At the moment, patients seeking a biological repair strategy would have two places to turn to for tissue replacements: using tissue from another part of their body, or waiting for a donor.“A surgeon might take tissue from somewhere else in the body, or they can take tissue from a cadaver to repair damaged cartilage.” says O’Connell. “However, a limitation with biological repair strategies is with the amount of tissue available. If we are able to engineer tissue in the laboratory, then you could decrease the tissue shortage problem.” Making tissues that acts just like healthy native tissue in the body is a delicate and lengthy process. Currently, creating tissue in the lab takes about 6 to 8 weeks. In that timeframe, scientists use a 3D printer to create a hydrogel scaffold, which will be the base for creating complex tissue. Stem cells are added to this scaffold and carefully monitored until they have fully dispersed throughout. “It’s all about timing.” says Professor O’Connell. “You don’t just want the cells hanging out in air for long periods of time while you’re creating the engineered tissue.” She explains, “They need constant nutrition. Cells exposed to air will dry up or ‘starve’ if they are not in an aqueous condition for too long.” This becomes a problem when bioprinting larger tissues with longer print times, because cells would not be able to survive through the long bioprinting process. By printing the scaffold first and adding the cells after the fact, Professor O’Connell can prevent cell death, even in large structures. Solving the donor shortage is not the only advantage of bioprinting tissues. By creating tissue that closely mimics the way natural tissue behaves in the body, patients will also benefit from longer lasting tissue replacements that are less harmful to the body. Treating an injury by adding plastic or metal to the body is not ideal, because they don’t behave the same way that natural tissues would. “That mismatch in mechanical properties between the implanted materials and the material it is designed to replace has a long term impact on the surrounding tissue. The much stiffer metal actually causes the surrounding healthy bone to weaken over time.”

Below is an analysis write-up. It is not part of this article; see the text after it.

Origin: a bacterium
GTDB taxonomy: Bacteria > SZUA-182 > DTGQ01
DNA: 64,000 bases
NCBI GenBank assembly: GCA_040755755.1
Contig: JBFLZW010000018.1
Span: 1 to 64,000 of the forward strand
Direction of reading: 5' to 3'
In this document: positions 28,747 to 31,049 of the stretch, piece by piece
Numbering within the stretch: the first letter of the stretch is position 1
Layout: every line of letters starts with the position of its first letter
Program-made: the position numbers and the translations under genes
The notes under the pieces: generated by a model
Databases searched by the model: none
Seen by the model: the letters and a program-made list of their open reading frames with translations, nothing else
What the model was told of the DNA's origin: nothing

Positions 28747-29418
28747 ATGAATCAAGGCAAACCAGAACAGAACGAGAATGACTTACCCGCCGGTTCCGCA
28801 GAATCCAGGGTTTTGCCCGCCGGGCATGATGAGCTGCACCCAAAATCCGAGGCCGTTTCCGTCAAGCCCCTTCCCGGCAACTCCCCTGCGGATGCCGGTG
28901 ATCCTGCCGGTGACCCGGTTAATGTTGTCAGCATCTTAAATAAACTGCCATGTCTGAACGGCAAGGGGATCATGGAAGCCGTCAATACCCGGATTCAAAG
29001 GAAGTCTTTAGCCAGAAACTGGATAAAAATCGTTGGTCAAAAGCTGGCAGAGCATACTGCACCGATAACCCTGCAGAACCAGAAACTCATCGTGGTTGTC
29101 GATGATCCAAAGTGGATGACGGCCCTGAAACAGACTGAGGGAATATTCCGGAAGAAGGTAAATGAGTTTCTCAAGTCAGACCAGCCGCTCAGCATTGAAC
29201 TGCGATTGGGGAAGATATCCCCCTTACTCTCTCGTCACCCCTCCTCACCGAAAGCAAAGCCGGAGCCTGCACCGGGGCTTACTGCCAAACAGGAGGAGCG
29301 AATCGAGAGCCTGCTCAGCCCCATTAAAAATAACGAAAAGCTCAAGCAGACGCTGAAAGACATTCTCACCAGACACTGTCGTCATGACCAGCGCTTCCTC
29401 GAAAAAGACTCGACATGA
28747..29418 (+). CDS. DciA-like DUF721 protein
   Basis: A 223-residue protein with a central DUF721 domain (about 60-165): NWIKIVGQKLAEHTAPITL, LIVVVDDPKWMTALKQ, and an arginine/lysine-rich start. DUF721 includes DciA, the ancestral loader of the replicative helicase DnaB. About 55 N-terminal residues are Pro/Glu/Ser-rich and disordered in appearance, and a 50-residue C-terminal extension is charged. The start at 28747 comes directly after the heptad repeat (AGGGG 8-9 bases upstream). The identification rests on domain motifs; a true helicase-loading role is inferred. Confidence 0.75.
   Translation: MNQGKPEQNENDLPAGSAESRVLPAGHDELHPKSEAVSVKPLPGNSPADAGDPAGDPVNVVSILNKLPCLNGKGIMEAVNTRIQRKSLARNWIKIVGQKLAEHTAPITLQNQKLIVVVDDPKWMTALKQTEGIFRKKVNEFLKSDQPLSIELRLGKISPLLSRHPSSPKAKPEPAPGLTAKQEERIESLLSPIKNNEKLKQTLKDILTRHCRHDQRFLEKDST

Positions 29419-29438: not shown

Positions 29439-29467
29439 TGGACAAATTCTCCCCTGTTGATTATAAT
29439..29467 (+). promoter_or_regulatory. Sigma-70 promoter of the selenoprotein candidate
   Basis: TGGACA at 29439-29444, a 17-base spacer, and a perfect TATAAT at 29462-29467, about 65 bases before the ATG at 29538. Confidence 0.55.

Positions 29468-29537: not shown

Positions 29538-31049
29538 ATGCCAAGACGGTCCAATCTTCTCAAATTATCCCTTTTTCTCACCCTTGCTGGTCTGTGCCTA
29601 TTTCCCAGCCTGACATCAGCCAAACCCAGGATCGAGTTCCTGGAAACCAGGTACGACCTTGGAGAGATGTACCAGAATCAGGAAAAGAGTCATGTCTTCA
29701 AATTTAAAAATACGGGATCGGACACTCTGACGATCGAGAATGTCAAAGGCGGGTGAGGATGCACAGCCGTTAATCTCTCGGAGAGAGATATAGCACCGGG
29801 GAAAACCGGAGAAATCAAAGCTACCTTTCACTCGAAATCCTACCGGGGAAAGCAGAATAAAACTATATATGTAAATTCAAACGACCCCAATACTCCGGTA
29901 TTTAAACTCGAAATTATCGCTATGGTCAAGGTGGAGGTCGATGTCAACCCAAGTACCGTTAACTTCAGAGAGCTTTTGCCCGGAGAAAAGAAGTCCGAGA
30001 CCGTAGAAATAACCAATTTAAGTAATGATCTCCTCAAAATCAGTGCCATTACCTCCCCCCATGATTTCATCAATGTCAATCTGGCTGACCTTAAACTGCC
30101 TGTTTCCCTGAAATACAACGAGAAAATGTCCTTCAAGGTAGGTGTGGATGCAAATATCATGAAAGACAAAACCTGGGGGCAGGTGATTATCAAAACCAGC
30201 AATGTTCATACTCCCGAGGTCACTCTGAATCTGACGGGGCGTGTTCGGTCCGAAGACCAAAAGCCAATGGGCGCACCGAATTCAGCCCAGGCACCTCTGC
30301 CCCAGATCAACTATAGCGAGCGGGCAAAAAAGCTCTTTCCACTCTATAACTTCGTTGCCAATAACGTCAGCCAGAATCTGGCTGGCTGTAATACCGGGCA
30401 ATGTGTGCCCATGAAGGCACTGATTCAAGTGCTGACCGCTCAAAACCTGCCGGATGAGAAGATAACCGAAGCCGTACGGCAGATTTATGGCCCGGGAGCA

Bio-replacement strategies would delay or eliminate the need for a total joint replacement with metal and plastic components.“Total joint replacement surgery is being performed in younger and younger patients. 45, 50 years old,” explains Professor O’Connell. “So if you think about the fact that they last 15 years or so and patients are living longer these days, then they have to get a second revision surgery, and sometimes even a third. If there was a biological option for younger patients, even if it doesn’t last forever, at least it would delay getting the total knee replacement, the metal-plastic version.”
Though there are a lot of exciting possibilities in the future of 3D printed tissue there is still a long road ahead before this technology is approved for patients.Currently, Professor O’Connell and her lab are focusing on studying how well lab-created tissues compare to healthy native tissues. The next steps will be to test lab-created tissues in large mammals and, one day, humans. Professor O’Connell is continuing her research with the knowledge that her work will pay off in tangible benefits for patients.
3D Printers & The Future of Tissue Engineering was originally published in Berkeley Master of Engineering on Medium, where people are continuing the conversation by highlighting and responding to this story.